NetSuite’s customer relationship is primarily of a personal assistance nature. The company’s technical support group offers assistance 24 hours a day, seven days a week. Its system facilitates time zone-based and skills-based routing of questions for maximum effectiveness. For direct customers, it provides tiered customer service programs in which the extent of support varies by the needs posed by their suite deployments. The programs are offered through contracts that last a year. Users who buy NetSuite’s solutions through resellers receive primary support from those individuals.

Despite the high level of personal service, there is a self-service component, as NetSuite’s website includes an “Educational Resources” section featuring a wide variety of white papers, webinars, product demos, data sheets, and articles containing information about its various solutions.

Key Activities

NetSuite’s business model entails maintaining a robust software platform for its customers.

Key Partners

NetSuite offers the following partner programs:

Solution Providers – This involves business application experts who provide end-to-end services, from selling NetSuite licenses to offering implementation assistance and general support. They maintain expertise in one or more of three areas: CRM, Accounting/ERP, and eCommerce. Specific categories of partners include ERP resellers, Cloud consultants, and accounting firms that have technology practices. Specific partners include Inscio, McGladrey, and Explore Consulting.

Systems Integrators – This involves companies that offer specialized consulting and financial services that enable NetSuite customers to obtain more value from their software. They maintain expertise in their industries, allowing them to assist users with topics ranging from process optimization to regulatory compliance. They also have a strong comprehension of NetSuite’s solutions. Specific partners include Accenture, Capgemini, Deloitte, Grant Thornton, and Tata Consultancy Services.

Developers – These companies are part of NetSuite’s SuiteCloud Developer Network. They extend the firm’s suite with third-party “Built for NetSuite” applications designed for vertical industries or specific processes such as marketing, HR, shipping, and sales tax automation. Specific partners include Arena, LeanLogistics, Dell Boomi, Box, Klugo, Infinet Cloud Solutions, and Insperity.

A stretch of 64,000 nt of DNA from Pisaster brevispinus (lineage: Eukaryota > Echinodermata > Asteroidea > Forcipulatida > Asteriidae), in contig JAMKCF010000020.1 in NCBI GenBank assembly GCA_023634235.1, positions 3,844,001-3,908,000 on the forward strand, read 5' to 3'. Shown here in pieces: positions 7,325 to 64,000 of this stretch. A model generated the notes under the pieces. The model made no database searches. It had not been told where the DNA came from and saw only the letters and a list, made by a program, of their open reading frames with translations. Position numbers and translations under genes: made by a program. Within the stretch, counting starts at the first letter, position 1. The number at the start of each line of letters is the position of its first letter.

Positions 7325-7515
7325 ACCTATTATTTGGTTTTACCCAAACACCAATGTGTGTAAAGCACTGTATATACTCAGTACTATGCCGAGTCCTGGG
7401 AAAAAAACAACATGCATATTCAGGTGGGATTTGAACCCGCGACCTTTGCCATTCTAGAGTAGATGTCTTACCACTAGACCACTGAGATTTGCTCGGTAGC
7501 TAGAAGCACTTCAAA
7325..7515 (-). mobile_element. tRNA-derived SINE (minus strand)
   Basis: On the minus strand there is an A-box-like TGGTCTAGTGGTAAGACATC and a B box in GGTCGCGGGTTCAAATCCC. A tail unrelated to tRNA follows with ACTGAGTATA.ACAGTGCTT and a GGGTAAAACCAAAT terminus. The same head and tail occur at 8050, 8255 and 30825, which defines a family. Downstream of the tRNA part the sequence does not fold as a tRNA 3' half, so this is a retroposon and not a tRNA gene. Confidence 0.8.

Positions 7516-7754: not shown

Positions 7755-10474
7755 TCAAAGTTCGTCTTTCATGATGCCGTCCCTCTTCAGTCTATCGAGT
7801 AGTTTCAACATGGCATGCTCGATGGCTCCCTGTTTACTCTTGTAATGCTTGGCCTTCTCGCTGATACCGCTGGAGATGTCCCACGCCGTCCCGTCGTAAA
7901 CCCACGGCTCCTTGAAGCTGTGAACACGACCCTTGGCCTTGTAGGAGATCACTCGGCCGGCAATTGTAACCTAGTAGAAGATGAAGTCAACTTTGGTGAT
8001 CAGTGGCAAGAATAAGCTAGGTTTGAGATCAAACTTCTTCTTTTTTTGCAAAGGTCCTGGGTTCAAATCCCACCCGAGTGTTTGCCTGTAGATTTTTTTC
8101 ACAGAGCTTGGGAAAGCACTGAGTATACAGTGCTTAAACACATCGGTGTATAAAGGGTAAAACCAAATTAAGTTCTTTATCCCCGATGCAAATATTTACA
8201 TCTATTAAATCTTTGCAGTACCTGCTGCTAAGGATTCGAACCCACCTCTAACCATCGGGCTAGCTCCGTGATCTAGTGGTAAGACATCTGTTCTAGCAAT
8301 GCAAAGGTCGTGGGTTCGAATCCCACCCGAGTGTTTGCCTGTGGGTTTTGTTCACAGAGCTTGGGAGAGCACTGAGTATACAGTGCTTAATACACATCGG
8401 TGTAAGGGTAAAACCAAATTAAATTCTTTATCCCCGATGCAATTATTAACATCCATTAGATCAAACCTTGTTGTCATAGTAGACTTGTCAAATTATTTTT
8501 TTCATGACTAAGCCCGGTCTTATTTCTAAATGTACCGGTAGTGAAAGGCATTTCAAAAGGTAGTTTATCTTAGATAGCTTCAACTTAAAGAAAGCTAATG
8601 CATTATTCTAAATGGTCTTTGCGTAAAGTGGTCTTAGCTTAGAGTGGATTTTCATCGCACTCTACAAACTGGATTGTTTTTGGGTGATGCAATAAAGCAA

BPO Partner Program – This involves companies that provide Business Process Outsourcing (BPO) services and Business Process as a Service (BPaaS) offerings based on NetSuite. Specific partners include Moss Adams, tempCFO, and Accretive Solutions.

Referral Partners – This involves companies that promote NetSuite to potential customers and in exchange are given a referral fee. Many of these partners become experts on the platform and earn additional money by offering account services. Specific categories of partners include IT/Management/Marketing Consultants, Web Designers, and Investment and Venture Capital Firms.

Accountants – This involves accounting firms whose clients use NetSuite. The program offers the companies the tools and resources they need to offer quality service and bestows a number of perks, including referral benefits and significant training discounts.

Key Resources

NetSuite’s main resource is its proprietary software platform used by over 30,000 organizations. The company hosts its suite from its data center facilities in California, Washington, Massachusetts, Ireland, and the Netherlands.

Other important resources include the technology staff needed to maintain and upgrade the application suite and customer service staff utilized for both its 24/7 support operations and dedicated user service.

Cost Structure

NetSuite has a value-driven structure, emphasizing a premium proposition through significant personal service. Its biggest cost driver is sales/marketing expenses, a fixed cost. Other major drivers are in the areas of product development and administration, both fixed costs.

Revenue Streams

NetSuite has two revenue streams:

  • Subscription and Support – This consists of fees customers pay on a quarterly or annual basis for usage of the software; amounts vary based on the types of solutions deployed and the number of users.
  • Professional Services and Other – This consists of fees customers pay for usage of various services associated with their accounts, including consulting and training.

Our team

info: Zach Nelson (Chief Executive Officer) earned B.S. and M.A. degrees from Stanford University. He previously held executive positions at Oracle, McAfee/Network Associates, and Sun Microsystems. He has over 25 years of leadership experience in the high technology sector.

Evan Goldberg,
Founder, Chairman, and Chief Technology Officer

info: Evan earned a B.A. Summa Cum Laude in Applied Mathematics at Harvard College. He previously served as a Vice President at Oracle, where he worked for eight years. He also founded mBED Software, a website technology firm.

Jim McGeever,
President and Chief Operating Officer

info: Jim earned a B.Sc. from the London School of Economics. He previously served as Chief Financial Officer at NetSuite and Director of Finance at Clontech Laboratories. He oversees all product, vertical, customer, and human resources activities.

Ron Gill,
Chief Financial Officer

info: Ron earned a B.A. from Baylor University and a Master’s degree in International Business Studies at the University of South Carolina. He previously served as VP of Finance at Hyperion Solutions. He oversees Netsuite’s finance and accounting functions.